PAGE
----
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Lead Your Team Managing

Communication Is Key to Genuine Employee Engagement

Communication Is Key to Genuine Employee Engagement
Credit: Rawpixel/Shutterstock

If you want your employees to feel good about your business and the direction it's headed, you've got to keep them informed, new research finds.

Effective communication with employees results in workers who both rate their employers' reputations favorably and feel their company's best years are still to come, new Harris Poll finds.

Overall, more than three-quarters of employees who say their company does a good job of communicating with them also say their company's reputation is good and that they believe their employers' best years are still ahead.

Employers who want their employees to feel good about the business should focus their communication on several specific areas. The study revealed that discussing company goals, how employees are contributing to the company's success and how the company is performing are all critical. [Improving Employee Performance Is All About Communication ]

Specifically, more than 70 percent of employees have a favorable view of their company and think the best years are still to come when employers effectively communicate company goals and objectives, company performance, and how each worker is personally contributing to the business's success.

"The reputational impact of effective internal communications is clear," Carol Gstalder, senior vice president of reputation management and public relations practice for Harris Poll, said in a statement.

The study's authors said it's up to managers to boost their communication efforts. Gstalder said employees often look first to their supervisors to obtain the information they need to do their jobs and that effective managers share company information in ways that resonate with their staffs. This type of communication goes a long way toward motivating employees to achieve company goals, according to Gstalder.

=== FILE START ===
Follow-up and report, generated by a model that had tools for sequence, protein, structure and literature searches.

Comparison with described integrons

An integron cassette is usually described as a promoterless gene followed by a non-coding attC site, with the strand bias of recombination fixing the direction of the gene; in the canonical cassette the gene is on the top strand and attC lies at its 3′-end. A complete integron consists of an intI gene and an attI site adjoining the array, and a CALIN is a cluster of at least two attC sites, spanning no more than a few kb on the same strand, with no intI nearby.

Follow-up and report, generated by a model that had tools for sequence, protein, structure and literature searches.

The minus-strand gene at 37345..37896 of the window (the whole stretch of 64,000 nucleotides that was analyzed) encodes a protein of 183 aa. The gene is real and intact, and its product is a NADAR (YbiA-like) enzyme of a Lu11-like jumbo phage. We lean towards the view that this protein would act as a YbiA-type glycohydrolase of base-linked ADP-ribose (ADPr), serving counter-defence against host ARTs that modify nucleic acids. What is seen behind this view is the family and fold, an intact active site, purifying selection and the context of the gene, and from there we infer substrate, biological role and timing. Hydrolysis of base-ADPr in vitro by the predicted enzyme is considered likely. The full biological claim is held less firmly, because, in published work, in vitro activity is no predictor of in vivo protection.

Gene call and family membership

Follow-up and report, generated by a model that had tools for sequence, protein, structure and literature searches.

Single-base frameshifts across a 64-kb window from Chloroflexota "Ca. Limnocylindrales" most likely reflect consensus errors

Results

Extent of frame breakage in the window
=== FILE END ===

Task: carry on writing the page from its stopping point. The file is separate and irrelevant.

Despite the vital role managers play, only one-third said they strongly agree they are a primary communicator to employees, and less than half said they strongly agree they are well trained and prepared to communicate news and information to employees. 

Given the impact of employee communication on company reputation, ensuring managers are equipped with the skills needed to effectively communicate is an essential ingredient in today's workplace, Gstalder said.

The study was based on surveys of 2,276 U.S. adults, of whom 1,117 were employed or self-employed.

Chad  Brooks
Chad Brooks

Chad Brooks is a Chicago-based freelance writer who has nearly 15 years experience in the media business. A graduate of Indiana University, he spent nearly a decade as a staff reporter for the Daily Herald in suburban Chicago, covering a wide array of topics including, local and state government, crime, the legal system and education. Following his years at the newspaper Chad worked in public relations, helping promote small businesses throughout the U.S. Follow him on Twitter.